- Title: Remember Me: Remember Me; The Return; The Last Story
- Author: Christopher Pike
- Publisher: Simon & Schuster
- Publication Date: July 6, 2010
- Edition: 2010 Omnibus Trade Paperback
- Pages: 789
- Special Features: Preview of Thirst No.1
- Price: $12.99 CAN ($9.99 US)
- Genre: Ficiton, supernatural
- ISBN: 978-1-4424-0596-7
Remember Me Omnibus edition is the combination of all three books; Remember Me (1989), The Return (1994), and The Last Story (1995). Out of the three, Remember Me was by far my favorite story. What makes it different from other books that I have read, is that the protagonist is a ghost. Shari was a vibrant eighteen year old until tragedy struck at a friends birthday party (not a spoiler, it’s written as the books blurb). You get to follow her on her journey as a ghost, and how right away she doesn’t believe she’s a ghost until reality strikes, and shows her something she can’t refuse.
Remember Me was packed with excitement, and drama, where has, The Return was somewhere in the middle. It was still a fun read, but somewhere near the middle, and towards the end, the book got a little too preachy for my tastes. The Return was still a nice concept for a story, and again, some thing that I haven’t read before, so it was interesting in the sense that it was something new.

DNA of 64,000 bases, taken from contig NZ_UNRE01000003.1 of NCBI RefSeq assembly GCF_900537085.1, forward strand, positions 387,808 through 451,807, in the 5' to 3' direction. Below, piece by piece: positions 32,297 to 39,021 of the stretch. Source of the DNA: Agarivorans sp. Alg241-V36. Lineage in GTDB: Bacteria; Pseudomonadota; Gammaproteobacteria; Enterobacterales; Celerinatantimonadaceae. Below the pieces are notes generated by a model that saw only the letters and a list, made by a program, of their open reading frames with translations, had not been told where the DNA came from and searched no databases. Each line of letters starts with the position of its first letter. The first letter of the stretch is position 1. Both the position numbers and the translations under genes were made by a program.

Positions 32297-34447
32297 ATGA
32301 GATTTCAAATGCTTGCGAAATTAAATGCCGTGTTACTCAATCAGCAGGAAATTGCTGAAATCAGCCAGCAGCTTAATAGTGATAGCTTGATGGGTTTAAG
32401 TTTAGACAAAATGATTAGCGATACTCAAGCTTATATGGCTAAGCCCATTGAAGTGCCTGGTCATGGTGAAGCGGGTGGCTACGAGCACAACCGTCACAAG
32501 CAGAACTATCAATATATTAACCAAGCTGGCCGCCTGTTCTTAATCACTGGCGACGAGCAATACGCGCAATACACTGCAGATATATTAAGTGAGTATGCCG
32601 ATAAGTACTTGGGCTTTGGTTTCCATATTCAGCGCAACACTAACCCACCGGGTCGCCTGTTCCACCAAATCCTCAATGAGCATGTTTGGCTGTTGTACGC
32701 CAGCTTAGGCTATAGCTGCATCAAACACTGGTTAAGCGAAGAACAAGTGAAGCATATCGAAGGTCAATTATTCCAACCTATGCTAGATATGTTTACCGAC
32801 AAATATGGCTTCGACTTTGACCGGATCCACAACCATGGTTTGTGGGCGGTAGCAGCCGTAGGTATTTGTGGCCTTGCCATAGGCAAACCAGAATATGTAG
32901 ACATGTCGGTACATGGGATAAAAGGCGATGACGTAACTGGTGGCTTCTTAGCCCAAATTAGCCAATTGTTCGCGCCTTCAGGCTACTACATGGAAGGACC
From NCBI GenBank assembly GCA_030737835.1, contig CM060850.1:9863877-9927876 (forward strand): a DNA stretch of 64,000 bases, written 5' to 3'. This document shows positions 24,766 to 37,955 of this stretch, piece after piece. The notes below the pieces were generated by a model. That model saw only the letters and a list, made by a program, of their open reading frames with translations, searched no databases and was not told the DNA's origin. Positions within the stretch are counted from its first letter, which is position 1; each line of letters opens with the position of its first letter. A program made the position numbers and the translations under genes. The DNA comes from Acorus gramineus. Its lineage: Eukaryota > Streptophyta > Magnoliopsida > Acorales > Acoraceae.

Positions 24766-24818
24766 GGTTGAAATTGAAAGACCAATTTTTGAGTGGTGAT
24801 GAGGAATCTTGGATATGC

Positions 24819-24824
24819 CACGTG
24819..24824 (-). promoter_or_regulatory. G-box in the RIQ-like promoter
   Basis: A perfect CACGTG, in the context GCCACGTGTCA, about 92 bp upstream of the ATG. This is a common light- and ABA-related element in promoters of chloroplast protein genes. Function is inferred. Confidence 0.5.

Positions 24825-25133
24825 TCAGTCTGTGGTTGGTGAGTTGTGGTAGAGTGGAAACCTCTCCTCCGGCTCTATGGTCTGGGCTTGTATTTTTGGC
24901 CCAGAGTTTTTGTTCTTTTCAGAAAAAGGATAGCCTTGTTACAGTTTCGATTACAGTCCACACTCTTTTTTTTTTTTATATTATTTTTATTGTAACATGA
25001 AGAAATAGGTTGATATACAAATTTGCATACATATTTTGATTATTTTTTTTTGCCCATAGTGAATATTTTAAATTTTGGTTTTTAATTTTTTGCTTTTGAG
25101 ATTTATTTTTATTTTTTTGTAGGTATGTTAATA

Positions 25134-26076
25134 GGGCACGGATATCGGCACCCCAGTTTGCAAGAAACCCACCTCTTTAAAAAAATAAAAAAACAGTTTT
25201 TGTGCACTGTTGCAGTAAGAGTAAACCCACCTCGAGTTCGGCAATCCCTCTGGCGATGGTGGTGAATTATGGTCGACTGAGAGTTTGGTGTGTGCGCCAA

The Last Story was my least favorite of the three books. Where The Return didn’t bring up faith, and God until the middle/end, a good chunk of The Last Story was heavy on that. But not too heavy in a way that it is unreadable for someone like me who isn’t religious, or has no interest in reading that sort of material. Again though, Christopher Pike did it in a way that it was interesting to read, because he put a creative, and unique spin on it. Without giving away spoilers, I very much enjoyed the troll story that was told in the book, as well as the protagonists choice in occupation. Very interesting, and makes me think about if anyone in the world thinks the same way.
Overall rating: 5/5 stars. Still give it a 5, because even though I didn’t care for the preachiness of the second and third book, it was still done in a way that was interesting, and a new take.
Would I recommend: Yes. Even though I am moving out of the Teen books, (or trying, I keep finding unread ones on my bookcases. Impulsive book shopping is/can be a bad thing) this one still held my interst, and I didn’t want to put the book done. It is definitely a new take on religion (though it’s not an over large part), and definitely a book that is not like anything other.
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